The content of the questions may overlap somewhat, but your answers should not have much overlap with each other.

CCJ 5625 – Ecology of Crime Supplementary Lecture Notes Week 7: Differential Organization Background for this week’s readings This week we shift to a different theoretical perspective sometimes referred to as “differential social organization” or just “differential organization.” A fundamental premise of this perspective is that there may be various value systems around which neighborhoods might be “organized.” That is, contrary to the social disorganization perspective, high crime neighborhoods may actually be highly organized, just around a set of values that is more conducive to crime. While social disorganization theory suggests there is something deficient in neighborhoods that prevents them from effectively controlling the behavior of their residents, differential organization theory suggests that some neighborhoods have a different cultural orientation that may actually motivate residents to engage in crime.

This is related to a micro-level theory largely credited to Edwin Sutherland (1939) called “differential association theory.” If you have taken a course on criminological theory, you have probably learned about this perspective. In general, it argues that there is not always complete consensus within a given society about what constitutes appropriate behavior. Given these conflicting sets of rules and attitudes, whether or not an individual engages in crime is largely determined by whether they are more exposed to attitudes favorable toward crime or to attitudes unfavorable toward crime. For Sutherland, the question of why people engage in crime is largely related to this balance of attitudes that people are exposed to.

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Nearly everyone is exposed to some people who are supportive of crime, delinquency, or deviance, and nearly everyone is exposed to some people who are not supportive of those things. Sutherland argued if you are exposed to a larger number of people with attitudes favorable to crime, you are more likely to engage in crime yourself.

Again, this is a micro-level theory, but it is not too difficult to see how it could be extended to a macro level such as neighborhoods. Certain neighborhoods may develop a prevailing set of Page 1 norms that are favorable toward , or at least less disapproving of, criminal and delinquent behavior. Of course, r esidents in such neighborhoods are still likely to be exposed to attitudes unfavorable toward crime such as from parents, teachers, and religious leaders. Nonetheless, living in a neighborhood characterized by a greater tolerance of criminal behavior may be enough to tip the balance of unfavorable vs. favorable attitudes, thus mak ing residents in such neighborhoods more likely to engage in crime themselves.

Keep in mind, however, that a macro-level view of differential association is different from simply arguing that the individual-level effect can be aggregated up to neighborhoods. That is, a purely micro-level approach would say some neighborhoods are higher in crime because a larger number of people living there are exposed to attitudes favorable toward crime. That is the description of an individual-level effect. It may be more or less prevalent in certain neighborhoods, which would cause some neighborhoods to be higher in crime, but it is still an individual-level argument. In order to support a macro -level version of differential association, we would need to argue that neighborhoods have an effect on behavior above and beyond the individual-level effect of exposure to attitudes. We would need to claim that there is something about neighborhoods themselves that promotes attitudes favorable to crime. I think one clear way to differentiate these micro- and macro-level explanations is this:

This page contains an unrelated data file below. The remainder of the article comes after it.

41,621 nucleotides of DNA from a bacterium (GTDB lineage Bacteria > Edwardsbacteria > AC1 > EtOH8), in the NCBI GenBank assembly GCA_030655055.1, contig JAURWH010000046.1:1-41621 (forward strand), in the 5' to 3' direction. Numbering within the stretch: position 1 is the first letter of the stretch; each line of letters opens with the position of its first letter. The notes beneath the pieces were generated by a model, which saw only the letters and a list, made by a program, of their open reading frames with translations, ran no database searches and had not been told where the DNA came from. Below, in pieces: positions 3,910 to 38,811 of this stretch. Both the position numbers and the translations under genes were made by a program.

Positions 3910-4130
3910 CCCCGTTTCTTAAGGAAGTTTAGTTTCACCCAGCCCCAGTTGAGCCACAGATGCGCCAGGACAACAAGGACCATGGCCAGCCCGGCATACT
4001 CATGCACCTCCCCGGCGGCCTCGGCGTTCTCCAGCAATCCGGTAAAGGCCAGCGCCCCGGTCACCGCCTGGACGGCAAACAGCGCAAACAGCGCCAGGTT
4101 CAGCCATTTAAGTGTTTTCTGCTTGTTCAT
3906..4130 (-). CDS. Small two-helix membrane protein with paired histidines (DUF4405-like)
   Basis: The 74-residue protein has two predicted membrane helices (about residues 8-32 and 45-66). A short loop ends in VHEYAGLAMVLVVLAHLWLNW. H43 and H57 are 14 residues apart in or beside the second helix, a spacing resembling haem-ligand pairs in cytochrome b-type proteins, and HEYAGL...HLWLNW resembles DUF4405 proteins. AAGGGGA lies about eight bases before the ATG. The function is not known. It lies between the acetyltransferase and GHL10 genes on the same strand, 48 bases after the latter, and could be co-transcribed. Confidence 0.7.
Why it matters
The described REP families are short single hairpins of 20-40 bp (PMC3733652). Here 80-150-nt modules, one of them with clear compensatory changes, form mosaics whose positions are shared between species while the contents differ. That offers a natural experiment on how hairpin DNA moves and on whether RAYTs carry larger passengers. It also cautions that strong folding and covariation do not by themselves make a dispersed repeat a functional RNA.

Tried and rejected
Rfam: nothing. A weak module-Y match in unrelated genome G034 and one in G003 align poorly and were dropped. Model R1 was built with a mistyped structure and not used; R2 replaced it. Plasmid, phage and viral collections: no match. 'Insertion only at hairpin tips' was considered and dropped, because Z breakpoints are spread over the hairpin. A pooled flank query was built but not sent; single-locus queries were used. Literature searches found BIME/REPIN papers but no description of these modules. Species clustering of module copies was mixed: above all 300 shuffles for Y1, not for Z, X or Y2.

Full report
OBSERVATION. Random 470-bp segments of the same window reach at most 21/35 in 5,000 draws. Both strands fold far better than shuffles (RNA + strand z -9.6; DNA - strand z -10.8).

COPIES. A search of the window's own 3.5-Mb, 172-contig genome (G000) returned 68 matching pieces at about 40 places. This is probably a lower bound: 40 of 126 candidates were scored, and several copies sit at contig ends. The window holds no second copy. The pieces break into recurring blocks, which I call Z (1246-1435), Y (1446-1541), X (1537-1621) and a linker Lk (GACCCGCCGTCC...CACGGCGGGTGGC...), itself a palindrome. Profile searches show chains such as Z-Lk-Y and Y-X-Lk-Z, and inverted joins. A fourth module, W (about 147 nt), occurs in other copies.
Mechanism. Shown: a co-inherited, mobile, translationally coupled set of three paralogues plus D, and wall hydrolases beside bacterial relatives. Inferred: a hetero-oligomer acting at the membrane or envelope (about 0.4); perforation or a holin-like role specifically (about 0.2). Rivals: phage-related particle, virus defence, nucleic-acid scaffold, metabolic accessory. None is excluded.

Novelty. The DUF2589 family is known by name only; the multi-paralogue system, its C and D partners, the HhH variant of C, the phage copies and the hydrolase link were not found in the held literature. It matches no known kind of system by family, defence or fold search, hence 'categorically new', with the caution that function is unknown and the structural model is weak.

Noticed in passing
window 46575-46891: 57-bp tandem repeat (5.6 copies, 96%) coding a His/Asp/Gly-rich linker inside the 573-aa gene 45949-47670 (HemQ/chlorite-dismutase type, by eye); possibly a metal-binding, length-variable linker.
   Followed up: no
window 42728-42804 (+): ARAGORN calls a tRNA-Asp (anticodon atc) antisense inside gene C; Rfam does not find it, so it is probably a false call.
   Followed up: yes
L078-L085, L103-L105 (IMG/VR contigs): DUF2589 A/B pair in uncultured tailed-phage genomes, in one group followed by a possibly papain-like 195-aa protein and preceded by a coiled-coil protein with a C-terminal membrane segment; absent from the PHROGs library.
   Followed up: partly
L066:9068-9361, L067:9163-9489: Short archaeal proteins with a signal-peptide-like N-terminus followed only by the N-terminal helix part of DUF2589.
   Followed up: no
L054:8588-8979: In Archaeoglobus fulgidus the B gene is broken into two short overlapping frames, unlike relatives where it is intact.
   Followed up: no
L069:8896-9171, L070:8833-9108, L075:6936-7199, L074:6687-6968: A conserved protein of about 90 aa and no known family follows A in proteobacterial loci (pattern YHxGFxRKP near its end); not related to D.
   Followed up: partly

Is there a feature or characteristic of neighborhoods, related to differential association, that would cause an increase in offending even for someone who is not exposed to a disproportionate number of attitudes favorable to crime? For that person, the individual-level explanation would not predict involvement in crime, but it is still possible that a macro-level explanation could predict involvement in crime for that person if they live in a neighborhood that is conducive to crime.

This week’s readings give us an example of a feature of neighborhoods that could contribute to crime and delinquency. As you will see, both assigned readings discuss a concept referred to as the “code of the street.” From the differential organization perspective, we might view this “code” as a value system that supports criminal and delinquent behavior, and specifically violent behavior. Though that support may range from a minimum level (failing to Page 2 sufficiently disapprove of violence) to a maximum level (direct motivation to engage in violence), the point is that some neighborhoods may be organized around a set of prevailing social norms that are more conducive to crime.

As you read through these articles, be sure to think about what might give rise to these different sets of norms. Why would there be one set of norms about crime and violence in one community and a different set in another community? Anderson, in particular, discusses the broad social forces that may have contributed to this, so pay close attention because I could certainly ask about this on the exam.

Have a great week!

References Sutherland, Edwin H. 1939. Principles of Criminology , 3 rd ed. Philadelphia: Lippincott.

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